Ajax and Rangers fail to raise the roof at home

Glenn Moore looks back at mixed fortunes this week for Europe's elite in the Champions' League
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The Independent Online
As one roof opens, another one shuts. While the sky is again the limit for Manchester United's aspiring fans, the heavens closed on Ajax and Rangers on Wednesday, literally and metaphorically.

In Amsterdam, Ajax began a new epoch by closing the roof on their new stadium to host the first major indoor football match in Europe. However, after years of playing progressive football in antiquated grounds, they found themselves playing a dated game in a high-tech arena.

Rangers' home defeat to Auxerre was not as startling as Ajax's loss to Grasshopper Zurich but it was still surprising. In its wake Rangers, like Celtic, are contemplating the tartan ceiling - the invisible, but very real barrier to their dreams.

Walter Smith, the Rangers manager, spoke of dominating the game and putting in lots of effort but, tellingly, he also agreed that Rangers struggled to break Auxerre down and gave away bad goals. Not half. The first was down to lazy defending.The second goal was diabolical, headed in from a corner by the only Auxerre player in the six-yard box. There were five Rangers men and a goalkeeper near him, not one defender marked him.

It was unforgivably sloppy, the product of poor concentration brought about by the Glasgow pair's domestic superiority. Rangers have won every game this season - except the two in the Champions' League. Celtic are unbeaten in 36 league games - but lost home and away to Hamburg.

In Scotland, they stroll through every match except the Old Firm derby - and these rumbustious affairs are hardly preparation for European cat- and mouse. Having won eight titles in a row, and spent millions on foreign players, Rangers must wonder what more they can do to improve the team within its present confines. They will now redouble their efforts to create a British League, or a European one.

One might contend that Ajax, too, have had little domestic opposition - until this season. But the Dutch game is not so different from the pan- European one, and the bulk of their players have had the benefit of playing together under the guise of the national side.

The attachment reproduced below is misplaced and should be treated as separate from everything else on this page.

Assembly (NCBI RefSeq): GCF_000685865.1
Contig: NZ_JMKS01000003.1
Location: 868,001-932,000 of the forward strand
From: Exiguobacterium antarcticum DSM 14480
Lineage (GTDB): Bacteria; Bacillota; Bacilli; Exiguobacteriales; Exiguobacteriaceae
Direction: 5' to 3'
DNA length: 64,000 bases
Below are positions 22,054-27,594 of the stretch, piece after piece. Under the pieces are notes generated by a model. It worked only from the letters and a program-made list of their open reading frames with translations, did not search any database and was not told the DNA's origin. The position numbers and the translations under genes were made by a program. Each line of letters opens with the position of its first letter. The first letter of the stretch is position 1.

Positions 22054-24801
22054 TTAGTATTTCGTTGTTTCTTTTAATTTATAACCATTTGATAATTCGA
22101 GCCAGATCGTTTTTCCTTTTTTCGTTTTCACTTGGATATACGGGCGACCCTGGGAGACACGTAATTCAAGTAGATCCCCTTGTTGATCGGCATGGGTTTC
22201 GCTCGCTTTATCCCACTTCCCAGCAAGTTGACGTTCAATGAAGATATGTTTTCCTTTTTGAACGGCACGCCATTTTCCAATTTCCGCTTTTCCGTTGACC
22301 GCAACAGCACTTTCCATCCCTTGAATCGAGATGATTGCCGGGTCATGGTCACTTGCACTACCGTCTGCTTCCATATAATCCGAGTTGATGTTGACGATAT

Now, however, they have been hit by the Bosman effect. Michael Reiziger, Edgar Davids, Finidi George and Nwanku Kanu were sold - the first two on free transfers - during the summer. Patrick Kluivert and Peter Hoekstra are injured and the goals have dried up - just six in nine domestic and Champions' League games.

Even then they could field five core members of the Dutch Euro 96 side, plus Mark Overmars, Brazil's Marcio Santos and Jari Litmanen. Yet, bemoaned Ronald de Boer, "we started to play in an un-Ajax-like way, with the long ball''. Ajax now meet Rangers, under the roof, on 16 October.

Europe's other aristocrats, Milan and Juventus, were happier. Milan, with Roberto Baggio on the bench, crushed Rosenborg Trondheim away with the white- booted Marco Simone scoring three and making one. Juventus eased past Fenerbahce - though not without alarm, the Turks hitting the post late on.

The most impressive performers so far have been Porto, a side largely built by Bobby Robson before his summer move to Barcelona. Having won in Milan they dissected IFK Gothenburg on Wednesday, winning 2-1 but dominating the match. They are in line to face United in the quarter-finals - if United qualify. That looks more likely now than it did a fortnight ago. The swagger returned to United's game on Wednesday. Restored to their customary shape, and willed on by Old Trafford, they had Rapid Vienna beaten inside half an hour.

But there were still enough nervous moments at the back to justify Alex Ferguson's continued pursuit of Miguel Angel Nadal. In attack Ole Gunnar Solskjaer missed too many chances - compare his strike rate to Alen Boksic. Yet the Norwegian is young, and learning fast. Ferguson admitted he has been a bonus. With a centre- forward needed to bring the best from Cantona and his midfield cohorts, and Andy Cole as inept as ever, Solskjaer could have a crucial role to play.

"He has such quick feet,"Eric Cantona said , adding: "he reminds me of Jean-Pierre Papin. It is important to have a player like that. The result in Turin [the 1-0 loss to Juventus] was not good - but the performance was not as bad as some people have said. Tonight we showed we can play very well at this level. If we play like we know nobody can follow us.''

Mais non, monsieur. What Wednesday actually showed was that United are extremely powerful at home - but we knew that. Now they must repeat Wednesday night's performance away - possibly without Roy Keane - in Istanbul, against Fenerbahce, on 16 October.